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Thoughts on Community Management

Read time in minutes: 4

Many open source community projects lack proper management. They can put too much of their resources in too few places. When that one person falls out of contact or goes rogue on everyone, it can have huge effects on everyone involved in the project. Users, Contributors and Admins.

Here, I propose an alternative management structure based on what works.


Contributors and Project Administrators are there to take input/feedback from Users, rectify the situation or explain why doing so is counterproductive. Doing so will be done kindly and will be ran through at least another person before it is posted publicly. This includes (but is not limited to) email, IRC, forums, anything. A person involved in the project is a representative of it. They are the face of it. If they are rude it taints the image of everyone involved.


Project Administrators will have full, unfiltered access to anything the project has. This includes root access, billing access, everything. There will be no reason to hide things. Operational conversations will be shared. All group decisions will be voted on with a simple Yes/No/Abstain process. As such this team should be kept small.


Contributors will have to make pull requests, as will Administrators. There will be review on all changes made. No commits will be pushed to master by themselves unless there is approval. This will allow for the proper review and testing procedures to be done to all code contributed.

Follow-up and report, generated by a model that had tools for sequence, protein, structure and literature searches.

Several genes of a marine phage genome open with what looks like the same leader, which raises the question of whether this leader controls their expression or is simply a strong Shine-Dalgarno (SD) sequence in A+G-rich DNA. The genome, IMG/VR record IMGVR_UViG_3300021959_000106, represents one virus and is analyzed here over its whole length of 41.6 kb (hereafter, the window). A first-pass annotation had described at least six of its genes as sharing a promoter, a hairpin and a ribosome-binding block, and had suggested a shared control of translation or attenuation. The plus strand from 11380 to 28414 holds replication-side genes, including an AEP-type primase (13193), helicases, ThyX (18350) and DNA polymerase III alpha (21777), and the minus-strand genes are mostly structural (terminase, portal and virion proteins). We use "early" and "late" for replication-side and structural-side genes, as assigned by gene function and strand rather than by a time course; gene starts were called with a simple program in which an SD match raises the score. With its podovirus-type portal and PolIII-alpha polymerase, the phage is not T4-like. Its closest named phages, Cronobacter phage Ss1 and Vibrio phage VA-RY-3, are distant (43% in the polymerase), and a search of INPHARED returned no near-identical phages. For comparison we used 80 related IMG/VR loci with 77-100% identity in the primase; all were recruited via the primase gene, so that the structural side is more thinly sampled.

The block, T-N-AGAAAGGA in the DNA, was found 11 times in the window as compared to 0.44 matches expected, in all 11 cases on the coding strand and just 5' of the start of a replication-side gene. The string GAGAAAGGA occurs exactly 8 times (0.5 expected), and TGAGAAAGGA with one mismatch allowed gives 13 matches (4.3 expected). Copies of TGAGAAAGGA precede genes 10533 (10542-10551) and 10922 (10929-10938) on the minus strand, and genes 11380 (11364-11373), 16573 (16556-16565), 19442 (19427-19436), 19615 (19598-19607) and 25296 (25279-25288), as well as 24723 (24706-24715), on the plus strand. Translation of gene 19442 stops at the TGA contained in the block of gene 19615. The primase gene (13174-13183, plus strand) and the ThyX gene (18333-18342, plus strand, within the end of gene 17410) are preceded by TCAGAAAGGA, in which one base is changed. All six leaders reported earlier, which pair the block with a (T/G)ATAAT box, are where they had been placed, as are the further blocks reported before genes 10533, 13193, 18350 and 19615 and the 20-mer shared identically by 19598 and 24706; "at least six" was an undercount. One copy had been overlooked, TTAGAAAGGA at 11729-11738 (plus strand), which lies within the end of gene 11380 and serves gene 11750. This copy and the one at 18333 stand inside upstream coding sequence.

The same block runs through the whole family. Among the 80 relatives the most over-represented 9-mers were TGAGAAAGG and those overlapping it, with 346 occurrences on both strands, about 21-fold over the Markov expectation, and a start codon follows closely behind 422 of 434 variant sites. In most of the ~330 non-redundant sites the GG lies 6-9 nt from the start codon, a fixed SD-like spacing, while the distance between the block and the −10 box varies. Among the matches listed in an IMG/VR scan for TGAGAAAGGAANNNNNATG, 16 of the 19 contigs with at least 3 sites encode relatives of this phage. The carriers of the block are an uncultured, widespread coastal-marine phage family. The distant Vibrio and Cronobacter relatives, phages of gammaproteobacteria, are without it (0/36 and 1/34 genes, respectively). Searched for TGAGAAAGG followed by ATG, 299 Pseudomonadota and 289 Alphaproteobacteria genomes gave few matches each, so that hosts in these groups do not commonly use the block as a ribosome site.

Additionally, for ease of scripts scraping the commits when something is released, a commit style should be enforced.

Commit Style

The following section is borrowed from Deis' commit guidelines.

We follow a rough convention for commit messages borrowed from CoreOS, who borrowed theirs from AngularJS. This is an example of a commit:

feat(scripts/test-cluster): add a cluster test command

this uses tmux to setup a test cluster that you can easily kill and
start for debugging.

To make it more formal, it looks something like this:

{type}({scope}): {subject}

The {scope} can be anything specifying place of the commit change.

The {subject} needs to use imperative, present tense: “change”, not “changed” nor “changes”. The first letter should not be capitalized, and there is no dot (.) at the end.

Just like the {subject}, the message {body} needs to be in the present tense, and includes the motivation for the change, as well as a contrast with the previous behavior. The first letter in a paragraph must be capitalized.

All breaking changes need to be mentioned in the {footer} with the description of the change, the justification behind the change and any migration notes required.

Any line of the commit message cannot be longer than 72 characters, with the subject line limited to 50 characters. This allows the message to be easier to read on github as well as in various git tools.

The allowed {types} are as follows:

feat -> feature
fix -> bug fix
docs -> documentation
style -> formatting
ref -> refactoring code
test -> adding missing tests
chore -> maintenance

I believe that these guidelines would lead towards a harmonious community.

This article was posted on M07 31 2014. Facts and circumstances may have changed since publication. Please contact me before jumping to conclusions if something seems wrong or unclear.

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